4/5 Chinese writer-director Wong Kar Wai helms this mellow drama full of romance and heartache. In the Mood for Love features the acting talents of Hong Kong stars Maggie Cheung and Tony Leung; these three have since worked together on 2046–no surprise, given the product of this first union is a moving cinematic experience of very human proportions.

Two stranger, Mrs. Chan (Maggie Cheung) and Mr. Chow (Tony Leung) fortuitously become neighbors when they both move into a crowded Hong Kong tenement on the same day. A tentative friendship forms between them in the absence of their spouses, and thanks, in no small part, to their close proximity. Both Chan and Chow independently begin to suspect their partners, who spend an inordinate amount of time at work, of infidelity. Their fears are confirmed when, over tea at the local bar, they discover a plethora of damning, albeit circumstancial, evidence on each other’s person. Out of spite, they vow never to emulate their cheating spouses, but as their fondness for each grows, their pledge proves a heartwrenching, perhaps impossible, struggle.

Wong Kar Wai implements an inventive, authentic complication to supplement to the worn and recycled forbidden-love story. Spite drives these two smitten married individuals to renounce the very romance they have been longing for since their adulterous companions deprived them. In the Mood for Love returns to the roots of the term ‘melodrama’, which sets a romantic story to a prominently featured musical score; without the wonderfully moody soundtrack, the film would be a vastly different experience. The director’s non-linear narrative style makes for interesting plot-development–several imagined scenarios play out on screen like wrinkles in time, branching out and rejoining effortlessly; any acute confusion caused by this kind of intermittent time-hopping is cleared up by the helpful musical cues.

The modern melodrama, Wong Kar Wai proves, has evolved from its Sirkian origins; gone are the laughable histrionics, the archetypal characters, the glaring symbolism, thematic archs, and antiquated romanticism which plagued weepies past. The new melodrama moves its audience with realism and subtlety, not maudlin sentimentality. Though its pace may deter the impatient viewer, those romantically inclined souls who seek an honest story well told, will find In the Mood for Love a genuine heartfelt affair.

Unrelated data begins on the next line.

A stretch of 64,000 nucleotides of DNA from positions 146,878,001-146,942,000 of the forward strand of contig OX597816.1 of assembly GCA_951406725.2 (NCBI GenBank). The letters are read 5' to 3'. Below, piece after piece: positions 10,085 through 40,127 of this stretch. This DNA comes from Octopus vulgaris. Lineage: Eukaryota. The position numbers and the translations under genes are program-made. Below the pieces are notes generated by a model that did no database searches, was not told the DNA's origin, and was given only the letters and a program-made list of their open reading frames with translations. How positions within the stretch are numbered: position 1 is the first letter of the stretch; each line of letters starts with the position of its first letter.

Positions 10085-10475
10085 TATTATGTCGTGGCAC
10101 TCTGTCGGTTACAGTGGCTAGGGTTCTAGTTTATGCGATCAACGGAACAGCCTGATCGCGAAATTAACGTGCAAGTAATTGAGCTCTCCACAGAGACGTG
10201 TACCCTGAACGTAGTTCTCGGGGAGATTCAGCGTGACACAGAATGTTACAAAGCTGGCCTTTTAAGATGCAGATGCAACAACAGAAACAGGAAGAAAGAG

2/5 British independent film Never Let Me Go, based on the novel by Kazuo Ishiguro, has  gone largely unnoticed by American audiences, undeservingly. The cinematic incarnation—directed by Mark Romanek (One Hour Photo), featuring Carey Mulligan (An Education), Andrew Garfield (The Social Network), and Keira Knightley (Atonement)—enjoys far less praise and recognition than its highly acclaimed narrative source which Times Magazine named “Best Novel of 2005.”

A young blond woman watches through the glass of an operating room as doctors prepare a man for surgery. A brief exposition of the alternate reality which hosts this somber romance explains: in the year 1952, advancements in medical science have allowed humans to live past 100. This remarkable longevity, however, is achieved through the immolation of ‘donors’ by sacrificing their vital organs to more fortuitous recipients. The story is told in three chapters relating to various life-stages. In childhood, as part of the incipient wave of donors, Kathy, Ruth and Tommy grow up together in Hailsham boarding school, an idyllic setting where the three form fond memories and close bonds. As they continue into adolescence, the looming shadow of their compulsory donations and the rigours of romantic rivalry divide the three until they reunite years later as adults.